The only real difference is that a specific version of the MQ Spring Boot module is specified in the Maven configuration.

Default configuration

MQ Boot Starter configuration attribute names begin with the prefix. Attributes by default 

They correspond to the default values ​​of the Docker container.

Advanced configuration options

If you already have a running MQ queue manager that you want to use, then you can easily change the default configuration by specifying overridden values. A queue manager can be a local service or even a service hosted on IBM Cloud . The file in a Java project is one way of putting these attributes out of the project. The configuration takes effect without any code changes.

Specify the name of the queue manager attribute: 

For client connections to the queue manager, you must also set 

If neither channel nor connName is specified, it is assumed that the local queue manager is used. The configuration component also supports some TLS-related attributes. They are described in more detail in the README file, but their default values ​​are null. You may also need to install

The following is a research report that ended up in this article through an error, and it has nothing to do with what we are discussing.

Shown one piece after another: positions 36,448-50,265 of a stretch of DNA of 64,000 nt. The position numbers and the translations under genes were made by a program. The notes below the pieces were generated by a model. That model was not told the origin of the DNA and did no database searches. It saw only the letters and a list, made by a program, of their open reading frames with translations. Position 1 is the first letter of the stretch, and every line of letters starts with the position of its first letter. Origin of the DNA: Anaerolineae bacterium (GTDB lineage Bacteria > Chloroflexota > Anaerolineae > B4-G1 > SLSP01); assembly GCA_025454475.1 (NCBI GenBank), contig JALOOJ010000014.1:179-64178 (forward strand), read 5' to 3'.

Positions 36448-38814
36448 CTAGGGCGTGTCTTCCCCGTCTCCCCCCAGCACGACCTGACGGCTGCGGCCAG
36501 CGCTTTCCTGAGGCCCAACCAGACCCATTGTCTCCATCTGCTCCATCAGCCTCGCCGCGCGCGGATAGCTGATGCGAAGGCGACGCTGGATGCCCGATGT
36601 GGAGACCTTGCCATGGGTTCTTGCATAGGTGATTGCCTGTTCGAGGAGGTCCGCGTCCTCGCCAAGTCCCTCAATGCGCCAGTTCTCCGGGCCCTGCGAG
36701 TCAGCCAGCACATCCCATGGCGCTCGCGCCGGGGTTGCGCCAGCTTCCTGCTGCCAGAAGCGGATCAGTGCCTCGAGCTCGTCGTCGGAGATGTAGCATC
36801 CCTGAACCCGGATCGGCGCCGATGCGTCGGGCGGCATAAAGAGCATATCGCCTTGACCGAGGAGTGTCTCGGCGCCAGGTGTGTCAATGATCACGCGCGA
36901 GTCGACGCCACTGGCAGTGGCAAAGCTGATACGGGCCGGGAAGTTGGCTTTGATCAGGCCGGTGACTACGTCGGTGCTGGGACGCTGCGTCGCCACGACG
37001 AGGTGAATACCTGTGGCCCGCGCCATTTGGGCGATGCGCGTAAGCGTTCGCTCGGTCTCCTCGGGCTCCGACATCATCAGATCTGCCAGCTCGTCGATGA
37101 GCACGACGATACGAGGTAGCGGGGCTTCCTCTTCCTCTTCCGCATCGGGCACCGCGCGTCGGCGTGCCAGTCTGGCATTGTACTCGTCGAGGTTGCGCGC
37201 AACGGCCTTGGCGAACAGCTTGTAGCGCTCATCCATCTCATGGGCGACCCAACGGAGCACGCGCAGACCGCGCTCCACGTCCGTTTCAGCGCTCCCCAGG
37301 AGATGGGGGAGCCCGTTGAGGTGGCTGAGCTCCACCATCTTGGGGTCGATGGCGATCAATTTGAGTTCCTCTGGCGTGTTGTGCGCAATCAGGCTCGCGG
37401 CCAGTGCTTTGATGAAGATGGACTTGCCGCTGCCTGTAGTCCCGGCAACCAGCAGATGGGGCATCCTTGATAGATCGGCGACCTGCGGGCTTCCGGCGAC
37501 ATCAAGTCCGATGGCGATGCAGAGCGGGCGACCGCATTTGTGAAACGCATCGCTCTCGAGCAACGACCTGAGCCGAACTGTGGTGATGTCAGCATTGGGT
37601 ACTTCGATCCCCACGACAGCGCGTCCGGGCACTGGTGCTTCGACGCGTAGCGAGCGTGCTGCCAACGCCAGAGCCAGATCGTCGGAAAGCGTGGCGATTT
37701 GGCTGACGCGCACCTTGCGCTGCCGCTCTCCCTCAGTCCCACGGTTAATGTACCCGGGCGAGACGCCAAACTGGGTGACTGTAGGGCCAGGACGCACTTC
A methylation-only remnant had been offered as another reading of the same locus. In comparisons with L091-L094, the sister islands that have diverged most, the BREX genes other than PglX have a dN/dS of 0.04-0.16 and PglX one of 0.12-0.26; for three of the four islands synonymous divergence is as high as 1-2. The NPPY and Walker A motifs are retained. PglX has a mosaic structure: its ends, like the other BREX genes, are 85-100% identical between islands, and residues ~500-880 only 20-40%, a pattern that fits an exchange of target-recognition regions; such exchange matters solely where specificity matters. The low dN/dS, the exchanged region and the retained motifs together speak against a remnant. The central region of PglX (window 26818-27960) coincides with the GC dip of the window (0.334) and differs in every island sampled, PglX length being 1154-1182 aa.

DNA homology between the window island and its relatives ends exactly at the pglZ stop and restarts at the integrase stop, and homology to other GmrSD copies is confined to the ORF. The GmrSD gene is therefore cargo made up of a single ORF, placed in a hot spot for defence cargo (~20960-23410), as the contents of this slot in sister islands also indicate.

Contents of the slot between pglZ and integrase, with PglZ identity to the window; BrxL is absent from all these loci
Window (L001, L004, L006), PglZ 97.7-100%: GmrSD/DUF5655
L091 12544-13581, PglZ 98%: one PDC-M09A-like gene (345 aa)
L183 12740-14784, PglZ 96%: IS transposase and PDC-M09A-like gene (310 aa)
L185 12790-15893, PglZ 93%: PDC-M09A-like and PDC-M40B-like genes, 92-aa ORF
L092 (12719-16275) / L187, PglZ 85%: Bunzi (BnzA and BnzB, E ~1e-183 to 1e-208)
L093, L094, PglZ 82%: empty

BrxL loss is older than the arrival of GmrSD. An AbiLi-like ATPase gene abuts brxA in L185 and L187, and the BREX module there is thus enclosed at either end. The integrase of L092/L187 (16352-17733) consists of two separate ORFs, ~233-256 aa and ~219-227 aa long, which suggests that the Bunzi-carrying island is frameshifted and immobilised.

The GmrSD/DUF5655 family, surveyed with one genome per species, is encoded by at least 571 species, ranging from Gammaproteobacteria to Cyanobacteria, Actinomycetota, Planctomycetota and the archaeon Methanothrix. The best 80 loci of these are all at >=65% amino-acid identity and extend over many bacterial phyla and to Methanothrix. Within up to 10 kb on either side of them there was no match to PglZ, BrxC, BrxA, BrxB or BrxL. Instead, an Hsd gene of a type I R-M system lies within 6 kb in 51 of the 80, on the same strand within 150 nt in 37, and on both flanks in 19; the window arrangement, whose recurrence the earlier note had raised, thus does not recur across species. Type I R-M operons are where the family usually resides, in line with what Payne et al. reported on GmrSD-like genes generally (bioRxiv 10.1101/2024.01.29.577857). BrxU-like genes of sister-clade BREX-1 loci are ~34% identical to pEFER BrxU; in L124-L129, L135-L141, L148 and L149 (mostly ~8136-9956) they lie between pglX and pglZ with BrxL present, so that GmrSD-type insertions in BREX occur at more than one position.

to override the default values. These attributes can be left blank to use the local userid of the operating system without authentication, if allowed by the queue manager.

Example contents of file: 

After that, Spring Boot will create a ConnectionFactory that can be used to interact with the queue manager.

Testing the sample program

You can run the sample program using the gradle bootRun . Or use maven to run mvn package and then java -jar ./target/gs-messaging-jms.jar to execute the program. You should see the following:

Here you can see how the application put the message (“sending an email message”), and then retrieved it.